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· May, 2011

Stories about Governance from May, 2011

Caribbean: FIFA Foul

  31 May 2011

Regional bloggers congratulate the Bermudian and Bahamian football representatives – now being lauded as whistleblowers – who refused to accept bribes from FIFA; Globewriter republishes suspended vice-president Jack Warner's statement on the FIFA ruling and Plain Talk says that he is not as concerned with Jack Warner the FIFA rep...

Nepal: So Rich And Yet So Poor

  31 May 2011

News Views And Reviews Of Nepal points out that although Nepal has a huge potential to generate hydropower up to 43,000 megawatts (MW), it is generating only 1.47% of its total capacity and further investments in this sector has stalled.

Thailand: Tourism woes

  31 May 2011

Khon Kaen advises the Tourism Authority of Thailand to learn from the aggressive tourism campaign of Laos to revitalize the country's tourism industry

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China: Detained Rights Lawyer Interrogated About Sex Life

  30 May 2011

After three months in detention, Chinese lawyer Li Tiantian described on Twitter how her interrogators used intimate details of her personal life to harass her. In the past months, more than a hundred human right lawyers, activists, writers and artists have been arrested or prosecuted in China as a result of the crackdown on the Jasmine protests.

Gambia: On Gambia's First President

  30 May 2011

Mathew K. Jallow discuses the legacy of Sir Dawda K Jawara, Gambia's first president: “As president, Sir Dawda Jawara was unlike most African leaders and politicians of his generation; leaders who took advantage of their positions to enrich themselves with the wealth of their people. If there was one negative...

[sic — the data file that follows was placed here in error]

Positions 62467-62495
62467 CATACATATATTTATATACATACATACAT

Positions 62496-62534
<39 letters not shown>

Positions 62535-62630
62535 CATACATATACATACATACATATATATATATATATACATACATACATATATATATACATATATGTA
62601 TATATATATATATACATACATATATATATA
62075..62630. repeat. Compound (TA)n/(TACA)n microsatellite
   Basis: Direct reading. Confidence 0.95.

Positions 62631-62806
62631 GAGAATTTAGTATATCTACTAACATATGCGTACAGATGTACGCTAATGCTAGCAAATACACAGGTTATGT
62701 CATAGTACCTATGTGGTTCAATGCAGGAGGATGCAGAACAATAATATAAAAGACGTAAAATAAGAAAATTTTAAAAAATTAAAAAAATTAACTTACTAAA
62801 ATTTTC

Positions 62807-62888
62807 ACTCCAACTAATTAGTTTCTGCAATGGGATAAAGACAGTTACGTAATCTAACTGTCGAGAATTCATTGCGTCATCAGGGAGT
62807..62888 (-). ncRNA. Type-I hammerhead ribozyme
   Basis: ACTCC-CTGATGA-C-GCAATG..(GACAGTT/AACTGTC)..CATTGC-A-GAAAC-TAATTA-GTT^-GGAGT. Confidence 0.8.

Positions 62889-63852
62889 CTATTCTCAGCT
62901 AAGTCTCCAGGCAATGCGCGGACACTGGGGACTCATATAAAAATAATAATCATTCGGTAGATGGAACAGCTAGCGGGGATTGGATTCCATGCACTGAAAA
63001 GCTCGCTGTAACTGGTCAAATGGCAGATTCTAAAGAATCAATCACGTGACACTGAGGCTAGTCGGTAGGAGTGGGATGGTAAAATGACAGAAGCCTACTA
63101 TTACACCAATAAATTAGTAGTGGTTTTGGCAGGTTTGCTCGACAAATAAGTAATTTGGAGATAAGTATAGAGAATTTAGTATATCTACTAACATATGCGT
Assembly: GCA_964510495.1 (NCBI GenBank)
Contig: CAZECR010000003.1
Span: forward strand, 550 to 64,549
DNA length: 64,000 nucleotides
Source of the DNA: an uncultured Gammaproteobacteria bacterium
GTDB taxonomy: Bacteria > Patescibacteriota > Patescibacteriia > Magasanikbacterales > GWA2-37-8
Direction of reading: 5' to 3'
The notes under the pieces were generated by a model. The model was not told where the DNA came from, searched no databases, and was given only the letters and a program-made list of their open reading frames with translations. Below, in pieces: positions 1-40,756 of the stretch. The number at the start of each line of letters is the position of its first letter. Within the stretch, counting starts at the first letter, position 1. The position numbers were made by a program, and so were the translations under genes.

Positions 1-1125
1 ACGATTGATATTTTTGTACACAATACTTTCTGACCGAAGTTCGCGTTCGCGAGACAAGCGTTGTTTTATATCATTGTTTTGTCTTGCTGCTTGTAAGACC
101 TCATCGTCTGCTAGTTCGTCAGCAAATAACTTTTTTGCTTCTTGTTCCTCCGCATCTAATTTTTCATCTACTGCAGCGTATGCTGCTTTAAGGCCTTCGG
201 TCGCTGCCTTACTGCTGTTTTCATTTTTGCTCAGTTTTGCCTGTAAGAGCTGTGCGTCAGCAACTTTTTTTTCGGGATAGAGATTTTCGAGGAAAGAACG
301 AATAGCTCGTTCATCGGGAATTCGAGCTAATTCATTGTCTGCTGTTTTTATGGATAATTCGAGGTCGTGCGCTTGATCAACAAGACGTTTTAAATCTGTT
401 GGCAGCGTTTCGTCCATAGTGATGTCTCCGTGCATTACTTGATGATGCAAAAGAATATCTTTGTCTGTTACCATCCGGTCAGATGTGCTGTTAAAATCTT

Azerbaijan: Twitter as a tool for activism

Global Voices co-founder Ethan Zuckerman comments on the use of Twitter in last week's campaign by Amnesty International to call for the release of prisoner of conscience Eynulla Fatullayev. Although the imprisoned journalist was released, argues Zuckerman, several questions have been raised by the online action and not least in...

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Russia: Moscow Pride 2011

This year's Moscow Gay Pride event ended in clashes almost as soon as it began, at least 18 gay rights activists and 14 of their opponents are reported to have been arrested, and a journalist who had blogged about her reasons for attending the rally ended hospitalized with a concussion.

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Peru: Growing Debate Regarding Genetically Modified Farming

  28 May 2011

The official signing of Decree 003, which permits the import of genetically modified seeds into the country, continues to generate debate between those in favor of the widespread use of genetically modified organisms (GMOs) and those who fear it would be harmful to the country's biodiversity and the health of its people.

El Salvador: Problems After Change in Propane Gas Subsidy

  28 May 2011

El Salvador from the Inside explains the controversy over a change in the propane gas subsidy which was meant to help the poor. The subsidy is now “tied to your electric bill [and] given only to those who use less than a specific number of Kilowatts […] In theory, it...

Hungary: Corruption On the Rise

Hungarian Spectrum writes about corruption in Hungary: “A few days ago Ernst & Young made public its latest survey on corruption in Europe and came up with the startling result that Hungary is the most corrupt country within the European Union. It can be compared only to Russia.”

Trinidad & Tobago: Politricks?

  27 May 2011

Plain Talk, tongue firmly in cheek, gives a quick run-down of the political goings-on in Trinidad and Tobago, while Weblog Bahamas quips: “Politicians confuse me.”

Hong Kong: Scandal on Internet Learning Support Programme (ILSP)

  27 May 2011

Jeremy Godfrey, former Hong Kong Government Chief Information Officer from 2008-2011, has opened a blog for exposing the selection process for the tender on Internet Learning Support Program (ILSP). He believes the result of the selection has been affected by political pressure.

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